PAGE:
Even years after she left a controlling, violent and abusive relationship, she still suffered from nightmares and bouts of anger, anxiety and depression.
“You don’t realize until afterwards how deeply you are affected by it,” says Lisa Gaglione, a Registered Nurse at the Grey Nuns Community Hospital. “I suffered all the time with physical symptoms like aches and pains, headaches, anxiety and other medical issues.”
Her former partner not only controlled her but cut her off from friends and family. “You get caught up in it and you don’t think there’s a way out,” Lisa says.
She finally mustered the strength to end the relationship.
“It took a while for me to find the courage to leave and when I did I was also left with nothing. I was completely broke. But I knew I had to do it because had I stayed, I don’t think I would be here today.”
Years later, after she got married to her now husband of 13 years, Lisa says she still showed a lot of the psychological remnants of the abuse. “I’d be super angry all the time. Slamming doors, putting holes in walls and once ripping a blind out of the window and throwing it across the room. I was forgetful, irritated, anxious, sleep deprived and depressed. Certain things would trigger me into a white-hot rage.”
She says her husband supported her through some of the darkest times and encouraged her to seek counselling and medical help. When she did, the doctor came up with what she considers a surprising official diagnosis: post-traumatic stress disorder.
“I really struggled to figure out how to take care of myself.”
She took medication to help deal with anxiety and depression. Recovery was in fits and starts, she says. It wasn’t until she discovered yoga that she started feeling better and was able to manage her mental health issues well.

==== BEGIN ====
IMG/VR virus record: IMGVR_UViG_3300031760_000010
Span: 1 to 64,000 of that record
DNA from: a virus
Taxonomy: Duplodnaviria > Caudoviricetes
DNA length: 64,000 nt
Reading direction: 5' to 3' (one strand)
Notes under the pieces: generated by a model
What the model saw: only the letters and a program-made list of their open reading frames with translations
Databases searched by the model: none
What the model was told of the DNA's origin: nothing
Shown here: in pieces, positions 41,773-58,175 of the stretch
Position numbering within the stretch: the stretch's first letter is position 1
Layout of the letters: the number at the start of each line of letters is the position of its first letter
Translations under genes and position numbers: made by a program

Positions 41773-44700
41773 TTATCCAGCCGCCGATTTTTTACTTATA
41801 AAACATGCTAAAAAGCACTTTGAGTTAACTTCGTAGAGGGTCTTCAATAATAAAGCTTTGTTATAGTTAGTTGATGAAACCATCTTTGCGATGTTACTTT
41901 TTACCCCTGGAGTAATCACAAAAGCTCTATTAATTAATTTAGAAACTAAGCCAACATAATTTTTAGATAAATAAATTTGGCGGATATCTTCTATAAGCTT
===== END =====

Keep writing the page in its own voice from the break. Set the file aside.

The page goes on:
“I discovered yoga when I was pregnant with my first child,” she says. “I had some really good teachers who helped me realize that yoga is also about getting out of your head and connecting with yourself once more.”
While her husband and family motivated her to pursue a career in nursing, she says her two boys, aged eight and nine, really are the ones who inspire her to make sure she is taking care of her mental health and well-being. “I don’t want my kids growing up thinking that being angry and reactive all the time is OK.”
Lisa believes that, aside from medication and treatment, there are other things people can do to take care of their mental health. “Yoga is one of them because it is all about self-care and empowerment.”
Scott Aylwin, Senior Director for Mental Health at the Grey Nuns Hospital, says yoga can be used as an important part of a lifestyle management strategy.
“Yoga promotes mindfulness,” says Scott, who also happens to be a yoga practitioner. “Yoga puts a high premium on a practitioner being more comfortable and proficient at living in the moment.”
Scott notes activities such as yoga, meditation and mindfulness “work against a lot of the symptoms attached to mental illness. There’s a whole body of literature now that recognizes these things as important elements of managing mental illness.”
Knowing yoga works well in coping with mental health challenges, Lisa obtained her RYT200 certification in December 2017 and completed another 100 hours of training through the Yogafit for Warriors program shortly afterward.
Lisa teaches a specialized trauma-sensitive type of yoga designed for helping those suffering from mental health issues. “Some of my classes might be physically ‘easy’ but they can be mentally very challenging because they force you to slow down and tune in to things you may have been avoiding,” she says. She adds that participants tell her the sessions help them feel better about themselves and they even sleep better.
She currently holds sessions for various community members in Edmonton, including members of the Royal Canadian Mounted Police.
As an intensive care unit nurse, Lisa also wants to reach out and help her fellow caregivers. “We deal with death, trauma and tragedy all the time, and when you experience that for a long time, it has an effect on your heart, your body and your mind,” she says.
In the future, Lisa hopes to create a yoga class to help first responders—firefighters, police, emergency medical personnel and others—who deal with death and traumatic experiences in their line of work.
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